Ask about the “fiscal cliff” and people randomly interviewed on Thursday didn’t talk party politics or slam the actions of President Barack Obama or House Speaker John Boehner.
Instead, they talked about the impact on their bank accounts and fears in the country’s overall economy if New Year’s Day comes and goes without Congress agreeing on a wide-ranging set of tax and spending issues.
Politicians “are playing a very dangerous game of chicken and I think the American people blame both parties,” said Barclay Rushton, a partner with Rushton & Co. in Gainesville. “They just want to see something done.”
He further believes that “Congress has done more to stifle the economy than any kind of bailout.
“We have clients who are trying to plan on what to do in their businesses next year and they have no direction.
“There are so many tax laws due to sunset this year that really affect the expansion of business.”
Obama returned to the White House on Thursday while congressional Democrats and Republicans appeared no closer to a compromise that would avert across-the-board tax increases and cuts to government programs.
Worse yet, many economists have said that lack of a compromise could trigger a recession.
Failure to avoid the cliff doesn’t necessarily mean tax increases and spending cuts would become permanent, as Congress could pass legislation canceling them retroactively after it begins its work next year.
But delays in reaching a decision have already caused problems, with businesses waiting on firm direction on taxes before making a move, Rushton said.
“I can’t imagine any business being run like we run our government,” he said. “Every year, they decide what they’re going to do the next year at the 11th hour. I guess we’re at the 12th hour, now.”
Without congressional action, current tax rates will expire at midnight Monday, resulting in a $536 billion tax increase over a decade that would touch nearly all Americans.
In addition, the military and other federal departments would have to begin absorbing about $110 billion in spending cuts.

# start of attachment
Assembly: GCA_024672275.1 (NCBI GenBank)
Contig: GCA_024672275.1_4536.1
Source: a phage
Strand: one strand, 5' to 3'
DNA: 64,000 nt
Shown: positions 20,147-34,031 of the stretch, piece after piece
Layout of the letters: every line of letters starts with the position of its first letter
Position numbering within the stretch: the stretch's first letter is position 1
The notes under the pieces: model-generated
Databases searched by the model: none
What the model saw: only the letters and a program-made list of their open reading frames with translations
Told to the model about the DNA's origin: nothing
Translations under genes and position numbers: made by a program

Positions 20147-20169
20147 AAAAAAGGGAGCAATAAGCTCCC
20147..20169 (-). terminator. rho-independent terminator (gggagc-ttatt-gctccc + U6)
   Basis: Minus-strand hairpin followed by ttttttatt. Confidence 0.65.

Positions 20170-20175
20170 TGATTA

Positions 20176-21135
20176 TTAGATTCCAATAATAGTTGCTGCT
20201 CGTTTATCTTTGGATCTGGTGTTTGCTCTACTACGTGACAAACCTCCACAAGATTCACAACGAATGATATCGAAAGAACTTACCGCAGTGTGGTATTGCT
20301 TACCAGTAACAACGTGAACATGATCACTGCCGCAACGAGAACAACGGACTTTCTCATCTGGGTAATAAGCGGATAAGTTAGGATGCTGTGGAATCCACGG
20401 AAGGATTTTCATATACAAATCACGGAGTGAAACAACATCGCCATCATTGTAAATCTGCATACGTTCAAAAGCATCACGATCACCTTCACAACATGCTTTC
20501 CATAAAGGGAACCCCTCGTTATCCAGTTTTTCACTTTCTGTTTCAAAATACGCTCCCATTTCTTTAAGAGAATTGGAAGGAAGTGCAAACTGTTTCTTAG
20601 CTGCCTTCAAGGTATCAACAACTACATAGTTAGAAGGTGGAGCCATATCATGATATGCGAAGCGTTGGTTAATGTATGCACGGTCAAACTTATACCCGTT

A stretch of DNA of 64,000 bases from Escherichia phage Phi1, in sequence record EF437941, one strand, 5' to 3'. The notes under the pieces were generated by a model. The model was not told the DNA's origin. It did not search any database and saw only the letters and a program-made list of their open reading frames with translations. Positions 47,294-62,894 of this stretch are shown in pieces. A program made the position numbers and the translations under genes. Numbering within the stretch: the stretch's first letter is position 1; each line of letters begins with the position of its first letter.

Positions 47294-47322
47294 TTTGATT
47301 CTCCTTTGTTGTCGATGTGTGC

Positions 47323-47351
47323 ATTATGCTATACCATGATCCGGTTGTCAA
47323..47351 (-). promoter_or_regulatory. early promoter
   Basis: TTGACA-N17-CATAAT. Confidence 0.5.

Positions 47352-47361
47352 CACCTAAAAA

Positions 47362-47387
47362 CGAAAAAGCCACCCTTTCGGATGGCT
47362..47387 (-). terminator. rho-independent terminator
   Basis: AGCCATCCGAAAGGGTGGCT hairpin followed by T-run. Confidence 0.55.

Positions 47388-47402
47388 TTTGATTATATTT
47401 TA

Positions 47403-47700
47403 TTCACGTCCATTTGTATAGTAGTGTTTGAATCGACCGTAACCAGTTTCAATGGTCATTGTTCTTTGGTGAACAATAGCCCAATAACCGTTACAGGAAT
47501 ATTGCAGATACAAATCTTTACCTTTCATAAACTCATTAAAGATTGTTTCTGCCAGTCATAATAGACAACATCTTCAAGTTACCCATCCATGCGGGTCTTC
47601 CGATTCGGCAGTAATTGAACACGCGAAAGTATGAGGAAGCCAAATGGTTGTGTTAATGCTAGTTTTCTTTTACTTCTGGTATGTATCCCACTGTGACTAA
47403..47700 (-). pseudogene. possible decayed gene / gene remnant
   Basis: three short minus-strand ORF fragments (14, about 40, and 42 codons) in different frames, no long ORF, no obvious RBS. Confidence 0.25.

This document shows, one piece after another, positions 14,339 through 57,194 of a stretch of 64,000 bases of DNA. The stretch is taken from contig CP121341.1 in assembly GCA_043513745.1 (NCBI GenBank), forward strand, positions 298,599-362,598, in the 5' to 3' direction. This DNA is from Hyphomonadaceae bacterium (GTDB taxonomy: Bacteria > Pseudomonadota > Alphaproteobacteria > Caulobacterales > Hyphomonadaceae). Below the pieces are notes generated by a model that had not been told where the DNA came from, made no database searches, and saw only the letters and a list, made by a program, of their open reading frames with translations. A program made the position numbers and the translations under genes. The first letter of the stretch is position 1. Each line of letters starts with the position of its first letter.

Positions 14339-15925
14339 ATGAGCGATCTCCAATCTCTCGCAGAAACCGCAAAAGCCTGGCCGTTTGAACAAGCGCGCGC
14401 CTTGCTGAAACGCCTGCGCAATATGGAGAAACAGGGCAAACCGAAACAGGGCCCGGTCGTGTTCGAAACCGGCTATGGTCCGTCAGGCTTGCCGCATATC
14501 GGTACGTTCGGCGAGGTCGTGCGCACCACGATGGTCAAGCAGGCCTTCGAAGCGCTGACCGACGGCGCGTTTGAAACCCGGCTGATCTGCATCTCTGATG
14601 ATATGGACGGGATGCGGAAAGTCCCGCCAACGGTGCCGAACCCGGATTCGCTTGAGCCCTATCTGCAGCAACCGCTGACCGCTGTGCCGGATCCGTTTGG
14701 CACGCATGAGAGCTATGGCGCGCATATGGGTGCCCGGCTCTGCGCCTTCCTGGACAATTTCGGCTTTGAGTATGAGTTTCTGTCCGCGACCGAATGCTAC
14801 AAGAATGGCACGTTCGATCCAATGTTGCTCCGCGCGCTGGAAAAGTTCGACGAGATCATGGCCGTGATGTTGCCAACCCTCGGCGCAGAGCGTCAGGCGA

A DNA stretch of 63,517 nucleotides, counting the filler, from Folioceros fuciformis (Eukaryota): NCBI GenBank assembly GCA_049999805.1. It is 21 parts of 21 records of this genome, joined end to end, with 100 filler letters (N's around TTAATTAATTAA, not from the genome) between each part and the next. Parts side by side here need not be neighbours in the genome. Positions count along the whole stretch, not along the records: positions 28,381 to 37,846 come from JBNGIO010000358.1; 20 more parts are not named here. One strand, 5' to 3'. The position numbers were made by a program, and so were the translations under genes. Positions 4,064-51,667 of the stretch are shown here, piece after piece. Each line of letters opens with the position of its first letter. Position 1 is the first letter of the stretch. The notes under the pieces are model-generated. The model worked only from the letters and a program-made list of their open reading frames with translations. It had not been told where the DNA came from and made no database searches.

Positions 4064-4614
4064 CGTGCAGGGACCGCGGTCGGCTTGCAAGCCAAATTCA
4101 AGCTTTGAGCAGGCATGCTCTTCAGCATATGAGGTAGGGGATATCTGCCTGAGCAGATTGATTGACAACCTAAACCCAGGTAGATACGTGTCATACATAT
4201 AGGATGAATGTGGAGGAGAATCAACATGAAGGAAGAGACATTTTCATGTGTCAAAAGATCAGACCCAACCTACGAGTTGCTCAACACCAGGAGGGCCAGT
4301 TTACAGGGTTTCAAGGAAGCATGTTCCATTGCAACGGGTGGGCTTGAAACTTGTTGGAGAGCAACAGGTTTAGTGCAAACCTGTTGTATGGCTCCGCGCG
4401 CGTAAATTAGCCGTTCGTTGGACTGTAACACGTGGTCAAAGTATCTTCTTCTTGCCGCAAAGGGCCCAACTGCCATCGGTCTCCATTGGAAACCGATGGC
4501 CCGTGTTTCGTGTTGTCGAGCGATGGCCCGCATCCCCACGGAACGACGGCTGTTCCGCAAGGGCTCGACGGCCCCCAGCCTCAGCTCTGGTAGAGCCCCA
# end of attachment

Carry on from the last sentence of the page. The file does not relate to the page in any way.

Taxes would jump $2,400 on average for families with incomes of $50,000 to $75,000, according to a study by the nonpartisan Tax Policy Center.
Jill Fodstad, shopping with her mother at the nonprofit Rahab’s Rope on the downtown Gainesville square, said she has been following the developing events in Washington somewhat closely.
“I guess my take on it, as a younger adult who is attempting to establish herself and career, is it’s scary to think about the impact the fiscal cliff could have ... on my ability to have enough money to own a home and help provide for myself and my (family),” said the Gainesville native, now living in Baltimore.
“I think it’s unfortunate that people can’t come to a conclusion, that we can’t work together,” Fodstad said. “I hope they can come to a conclusion — something that will benefit us as a whole.”
Jackie Wallace, president and chief professional officer of United Way of Hall County, said she is worried that more taxes for Americans could translate into smaller donations for nonprofit organizations.
“It also may limit or do away with the charitable deduction,” she said. “If that comes to pass, that’s obviously a concern. ... There’s just a lot of questions for us as a society, as nonprofits, as individuals. We’re just in a wait-and-see pattern.”
Eddie Tatum, owner of Red Shoe House at 822 Oak St., Gainesville, said he hasn’t been eyeing the cliff that closely, but he is certain of one thing: “We can’t afford any more taxes.”
“Congress needs to work for the common interest, not selfish, spoiled, rich folks,” he said. “... Both parties have been so stubborn, they can’t accomplish anything.”
The Associated Press contributed to this report.